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The Honolulu Advertiser
Posted on: Thursday, June 20, 2002

UH high in minority hiring

By Catherine E. Toth
Advertiser Staff Writer

Herman Frazier, whose name has been submitted to the University of Hawai'i's Board of Regents for approval, is one of only four blacks at 117 Division I-A schools to hold the athletic department's top position.

Frazier will be replacing the nation's only Asian-American athletic director. Hugh Yoshida, UH's AD since 1993, announced he would retire in December when his contract at UH expires.

According to the 2001 Racial and Gender Report Card, black men made up just 2.4 percent of NCAA Division I athletic directors during the 1999-00 season. Caucasian men accounted for 95.9 percent.

The number of black athletic directors has dropped slightly from 1995, when they held 3.3 percent of the positions.

Currently, there are only four black athletic directors at the Division I-A level: Alabama-Birmingham's Frazier, Southern California's Mike Garrett, Arizona State's Eugene Smith and South Florida's Lee Roy Selmon. (Clarence Underwood retired last week as athletic director at Michigan State.)

"Our colleges remained the worst for real opportunities for people of color at this level," the report stated.

The study was done by Northeastern University's Sport In Society, which oversees various educational and outreach programs geared toward bringing about positive social change within sports. The report is a comprehensive analysis of the hiring practices of women and minorities at the professional and collegiate levels.

(The National Association of Collegiate Directors of Athletics, which serves as the professional association for those in the field of intercollegiate athletics administration, does not track the hiring of minorities.)

Fitz Hill, who has studied the hiring of minorities in athletics for 10 years, said the challenge minorities face is being judged collectively and not individually. The success and failures of minority coaches and administrators affect their ethnic counterparts, he said.

"When you're hiring a white coach, you never see people go back and look at the records of white coaches collectively," said Hill, also the head football coach at San Jose State. "There's double standards in hiring. Hopefully, someday race won't be an issue ... To say it's not an issue is to be in denial."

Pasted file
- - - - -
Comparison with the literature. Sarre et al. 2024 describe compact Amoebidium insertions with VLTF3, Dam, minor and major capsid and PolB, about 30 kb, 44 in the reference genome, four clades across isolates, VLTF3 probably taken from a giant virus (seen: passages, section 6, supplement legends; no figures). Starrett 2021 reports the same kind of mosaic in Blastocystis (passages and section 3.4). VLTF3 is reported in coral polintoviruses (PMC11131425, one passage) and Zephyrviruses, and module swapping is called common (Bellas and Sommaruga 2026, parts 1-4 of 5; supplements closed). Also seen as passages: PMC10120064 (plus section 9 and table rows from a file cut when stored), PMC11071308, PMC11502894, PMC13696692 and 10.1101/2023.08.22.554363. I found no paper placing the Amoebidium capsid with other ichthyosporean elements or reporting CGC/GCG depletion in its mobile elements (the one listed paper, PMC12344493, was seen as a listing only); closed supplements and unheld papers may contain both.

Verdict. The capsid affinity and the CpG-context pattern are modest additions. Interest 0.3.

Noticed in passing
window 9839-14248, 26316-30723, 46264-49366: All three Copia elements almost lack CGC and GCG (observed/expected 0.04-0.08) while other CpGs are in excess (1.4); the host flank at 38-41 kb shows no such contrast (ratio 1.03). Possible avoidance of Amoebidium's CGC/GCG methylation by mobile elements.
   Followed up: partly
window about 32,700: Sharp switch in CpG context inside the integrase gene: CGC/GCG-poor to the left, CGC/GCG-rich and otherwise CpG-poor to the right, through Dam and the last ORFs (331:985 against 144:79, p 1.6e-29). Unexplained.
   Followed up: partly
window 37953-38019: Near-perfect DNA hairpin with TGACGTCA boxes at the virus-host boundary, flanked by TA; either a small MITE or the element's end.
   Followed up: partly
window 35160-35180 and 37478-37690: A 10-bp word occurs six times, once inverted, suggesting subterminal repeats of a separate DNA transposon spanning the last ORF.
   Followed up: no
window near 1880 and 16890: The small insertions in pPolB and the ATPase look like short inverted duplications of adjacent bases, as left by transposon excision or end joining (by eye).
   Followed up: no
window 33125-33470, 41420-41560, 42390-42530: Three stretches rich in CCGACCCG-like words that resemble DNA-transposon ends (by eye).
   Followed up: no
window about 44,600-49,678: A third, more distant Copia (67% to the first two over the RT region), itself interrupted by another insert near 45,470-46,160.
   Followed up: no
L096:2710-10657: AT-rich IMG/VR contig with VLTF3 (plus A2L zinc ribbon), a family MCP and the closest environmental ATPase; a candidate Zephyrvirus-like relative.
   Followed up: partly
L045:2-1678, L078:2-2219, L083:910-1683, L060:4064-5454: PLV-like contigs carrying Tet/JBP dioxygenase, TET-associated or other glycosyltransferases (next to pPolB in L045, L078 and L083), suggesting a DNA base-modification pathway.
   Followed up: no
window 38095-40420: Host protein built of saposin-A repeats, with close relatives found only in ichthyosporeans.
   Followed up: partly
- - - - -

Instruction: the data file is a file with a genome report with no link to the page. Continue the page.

Hill said minorities aren't given enough opportunities to attain high-level positions in athletics, whether as a head coach or an athletic director. Most candidates for these positions are mentored, identified early as possible successors, he said. Minorities are often overlooked, Hill said.

"The hiring process itself restricts those opportunities," he said. "It's unfortunate that that's the way the system works. Oftentimes you don't have the mentorship that's needed (to be promoted to higher positions)."

The likelihood of UH hiring a black as athletic director is good news to civil rights advocates and members of minority communities in Hawai'i, said Daphne Barbee-Wooten, a local civil rights attorney.

"There are just too few positive African-American role models in Hawai'i," Barbee-Wooten said. "It's just wonderful news."

Hill said if Frazier gets the job, it's because he's qualified, not because he's black.

"I applaud the efforts made (in Hawai'i)," Hill said. "One would assume (the job) was going to the best person. And he emerged as the best person ... I'm sure he was sought after because they felt he could do the job."

Hill said black coaches and administrators face the same challenges as those from any other ethnic group — once they get the job. (Hill is one of only five blacks among 117 head football coaches at NCAA Division I-A schools.)

"The problem is getting the opportunity," Hill said. "It's the subjective process of hiring that creates barriers. Once you get the job, it's very objective. You just hope you can get into that kind of situation, where you're judged based on your performance. ... As long as you can get the job done, that's the most important.

"The color doesn't fail," he said, "the person does."